Taylor Mac just hit the San Francisco Bay Area like a category five hurricane; surprising seasoned thespians, consummate drag queens, strung out performance artists, elite Stanford students, and, baby boomer culture vultures. Who could resist the shear force of Mac’s spellbinding “A 24-Decade History of Popular Music”? There was just too much–pageantry (think, SF Gay Pride), vocal talent (think, “Hedwig and the Angry Inch”), seductive finesse (think, transvestite scientist Tim Curry–“The Rocky Horror Picture Show”) plus, enough rebellion (think “Les Miserables”) not to beg for more. Can I just say, there was way too much—genius. Mac’s limitless creativity; theatrical talent, timing, spontaneity, transparency, vocal range, and irresistible command over the audience was jaw-dropping. Equally so were Machine Dazzle’s psychedelic fairy-like costumes all whimsically stunning, all art in their own right.
Performances at the Curran Theater were six hours long over two weekends. Each performance covered 6 decades of popular music starting with 1776 and ending with 2017. As if this wasn’t enough for this quasi one-person show—complete with an orchestra and lots of audience participation–Mac offered a Mac-sampler, a two-hour “Abridged” version three nights later at Stanford University. The “Abridged” version was supported by a stellar music ensemble–directed by Matt Ray (piano and vocals) with Danton Boller (bass), Bernice “Boom Boom” Brooks (drums), Viva Deconcini (electric guitar) and, Greg Glassman (horn). It had lots of innocent audience participants willingly sacrificing themselves to Mac’s whims, but sadly, the “Abridged” had only two fantastically garish costumes for the full show. Beyond Mac’s immediate and obvious talents is judy’s (Mac’s gender pronoun preference–always in lower case) ability to manipulate an audience, physically as much as psychologically; causing them to grimace and laugh at themselves even though what they were laughing at was their societal shadow. In some cases Mac grabbed people from their seats and brought them on stage while at other times he had the entire audience either waving their arms like a hula or moving them like they were rowing a boat. At times the audience acted out different roles, section by section, with the most touching and heartfelt being when they sang to each other as if sailing away from their beloved–vocally growing quieter and quieter as if sailing into the horizon.
“We are making a 24 decade history of popular music! It is a radical faerie, a realness, a ritual… sacrifice! And here we go!” exploded Mac, as he went into a series of deconstructed historical songs, one after another. Each deconstructed song pitted original lyrics—that ultimately reflect the social norms and view of its time–with the underlying shadow reality of what those lyrics are actually saying to people of color, women, homosexuals, and other disenfranchised minorities. Mac exposed these sides of songs with gusto, superbly delivering them while at the same time eviscerating the underlying prejudices. Admirably, judy appeared casually detached from judy’s own point of view—accepting it for what it is. Mac seemed uninterested in making judy’s view the only one and thus, becoming part of the white colonialism judy was poetically dismantling. Mac alternated these deconstructed songs, with others that were sung more at face value, like the swirling 80s disco anthem “Gloria” that he used to help liberate the audience from sexual shame. Or, with his poignant rendition of Bob Dylan’s “Hard Rains A-Gonna Fall.” “Where the people are many and their hands are all empty, Where the pellets of poison are flooding their waters, Where the home in the valley meets the damp dirty prison, Where the executioner’s face is always well-hidden, Where hunger is ugly, where souls are forgotten…”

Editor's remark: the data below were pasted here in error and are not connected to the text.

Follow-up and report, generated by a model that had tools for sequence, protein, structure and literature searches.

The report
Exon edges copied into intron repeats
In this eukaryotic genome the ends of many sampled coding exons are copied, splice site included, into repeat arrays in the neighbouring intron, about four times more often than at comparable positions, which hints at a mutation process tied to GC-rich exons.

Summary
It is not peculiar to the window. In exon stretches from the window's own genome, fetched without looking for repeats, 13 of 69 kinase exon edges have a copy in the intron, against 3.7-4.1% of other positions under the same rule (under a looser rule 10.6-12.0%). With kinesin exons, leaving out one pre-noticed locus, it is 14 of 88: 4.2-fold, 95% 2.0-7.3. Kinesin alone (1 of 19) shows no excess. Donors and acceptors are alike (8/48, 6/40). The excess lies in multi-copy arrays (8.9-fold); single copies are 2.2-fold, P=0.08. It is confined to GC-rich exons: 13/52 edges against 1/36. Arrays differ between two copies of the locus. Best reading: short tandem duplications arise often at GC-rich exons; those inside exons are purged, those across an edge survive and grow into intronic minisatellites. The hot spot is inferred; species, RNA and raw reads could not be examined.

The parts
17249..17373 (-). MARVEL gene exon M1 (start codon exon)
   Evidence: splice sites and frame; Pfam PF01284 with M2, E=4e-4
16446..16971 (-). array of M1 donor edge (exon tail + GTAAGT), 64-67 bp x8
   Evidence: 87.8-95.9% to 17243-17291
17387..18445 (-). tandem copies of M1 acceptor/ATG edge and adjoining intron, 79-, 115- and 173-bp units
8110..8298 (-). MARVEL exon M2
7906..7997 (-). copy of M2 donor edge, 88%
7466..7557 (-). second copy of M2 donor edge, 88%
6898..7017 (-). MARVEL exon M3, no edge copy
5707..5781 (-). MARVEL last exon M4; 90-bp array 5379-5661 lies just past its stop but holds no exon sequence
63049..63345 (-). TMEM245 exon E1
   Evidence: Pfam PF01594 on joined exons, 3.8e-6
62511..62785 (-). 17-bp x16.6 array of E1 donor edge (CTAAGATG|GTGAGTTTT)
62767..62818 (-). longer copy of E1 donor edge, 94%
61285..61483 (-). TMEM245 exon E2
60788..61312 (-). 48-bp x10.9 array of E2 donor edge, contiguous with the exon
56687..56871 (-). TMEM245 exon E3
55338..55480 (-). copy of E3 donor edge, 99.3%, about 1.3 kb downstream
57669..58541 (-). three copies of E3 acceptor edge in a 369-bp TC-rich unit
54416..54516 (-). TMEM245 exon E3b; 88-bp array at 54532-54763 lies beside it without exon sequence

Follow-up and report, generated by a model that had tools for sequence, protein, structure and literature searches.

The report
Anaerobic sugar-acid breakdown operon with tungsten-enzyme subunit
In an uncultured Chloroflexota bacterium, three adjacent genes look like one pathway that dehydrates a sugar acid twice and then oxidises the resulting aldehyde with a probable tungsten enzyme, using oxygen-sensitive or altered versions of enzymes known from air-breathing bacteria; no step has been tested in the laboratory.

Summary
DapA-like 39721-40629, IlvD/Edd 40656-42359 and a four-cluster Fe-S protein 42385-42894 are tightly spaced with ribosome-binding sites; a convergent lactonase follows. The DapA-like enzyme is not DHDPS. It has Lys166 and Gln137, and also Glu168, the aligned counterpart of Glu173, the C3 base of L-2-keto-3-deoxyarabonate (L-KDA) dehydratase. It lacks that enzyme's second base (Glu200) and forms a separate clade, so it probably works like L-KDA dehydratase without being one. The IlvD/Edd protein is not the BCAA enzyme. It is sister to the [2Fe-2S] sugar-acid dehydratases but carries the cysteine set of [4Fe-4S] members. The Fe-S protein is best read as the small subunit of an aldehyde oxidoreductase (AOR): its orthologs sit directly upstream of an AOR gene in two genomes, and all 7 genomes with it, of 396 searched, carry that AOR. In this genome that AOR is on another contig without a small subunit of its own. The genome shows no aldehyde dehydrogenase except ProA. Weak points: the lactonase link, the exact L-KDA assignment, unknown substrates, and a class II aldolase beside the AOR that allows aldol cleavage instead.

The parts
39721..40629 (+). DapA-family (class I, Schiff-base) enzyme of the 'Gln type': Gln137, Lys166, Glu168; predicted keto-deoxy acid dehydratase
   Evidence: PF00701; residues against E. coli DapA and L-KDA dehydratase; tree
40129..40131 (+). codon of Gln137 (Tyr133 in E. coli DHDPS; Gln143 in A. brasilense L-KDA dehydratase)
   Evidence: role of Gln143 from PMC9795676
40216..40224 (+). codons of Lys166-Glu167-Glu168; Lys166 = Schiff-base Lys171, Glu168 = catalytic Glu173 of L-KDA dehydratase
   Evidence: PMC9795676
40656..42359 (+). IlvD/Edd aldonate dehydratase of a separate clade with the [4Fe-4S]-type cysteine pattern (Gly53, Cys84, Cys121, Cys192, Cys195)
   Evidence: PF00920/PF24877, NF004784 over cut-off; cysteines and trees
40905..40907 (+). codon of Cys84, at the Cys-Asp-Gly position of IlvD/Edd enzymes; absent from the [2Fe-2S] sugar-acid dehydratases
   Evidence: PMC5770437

Taylor Mac capitalizes on the queer aesthetic and sensibility—a style that is naturally rebellious. In doing so he popularizes and legitimizes the queer agenda, an agenda that is different from the gay agenda in that there is more of a bite to the flamboyance than camp- for-camp’s-sake and a greater desire for living outside of the box than being accepted by it. This approach, like that of Machine Dazzle’s wardrobe designs, has immediate historical connection to the late gay photographer/filmmaker, performance artist, and costume designer, Jack Smith (1932-1989) who pioneered the camp and the trash aesthetic as an expression of going against the grain. Smith’s style and attitude has been upgraded and lives on in “A 24-Decade History of Popular Music” and also greatly influenced two other queer artists, Andy Warhol and John Waters.
A longtime darling of the New York vanguard, Taylor Mac is the earthquake Californians have been anticipating. “A 24-Decade History of Popular Music” has just shaken us coastal folks. What we thought we knew about theater; gender, race, art performance, fashion, conformity, and—time—have fallen off the shelf. Ironically, when Mac was in high school judy didn’t like playing the enigmatic and degenerate Master of Ceremonies in a theater production of “Cabaret” —a musical adapted from the “Berlin Stories” by another gay playwright, Christopher Isherwood. Yet, in fact, judy has become that persona, that magical MC for these dark times in American history. “A 24-Decade History of Popular Music” is a beacon of light; a fashion show of forewarning, a no-holds-barred education, a gender-fluid force of nature.
David E. Moreno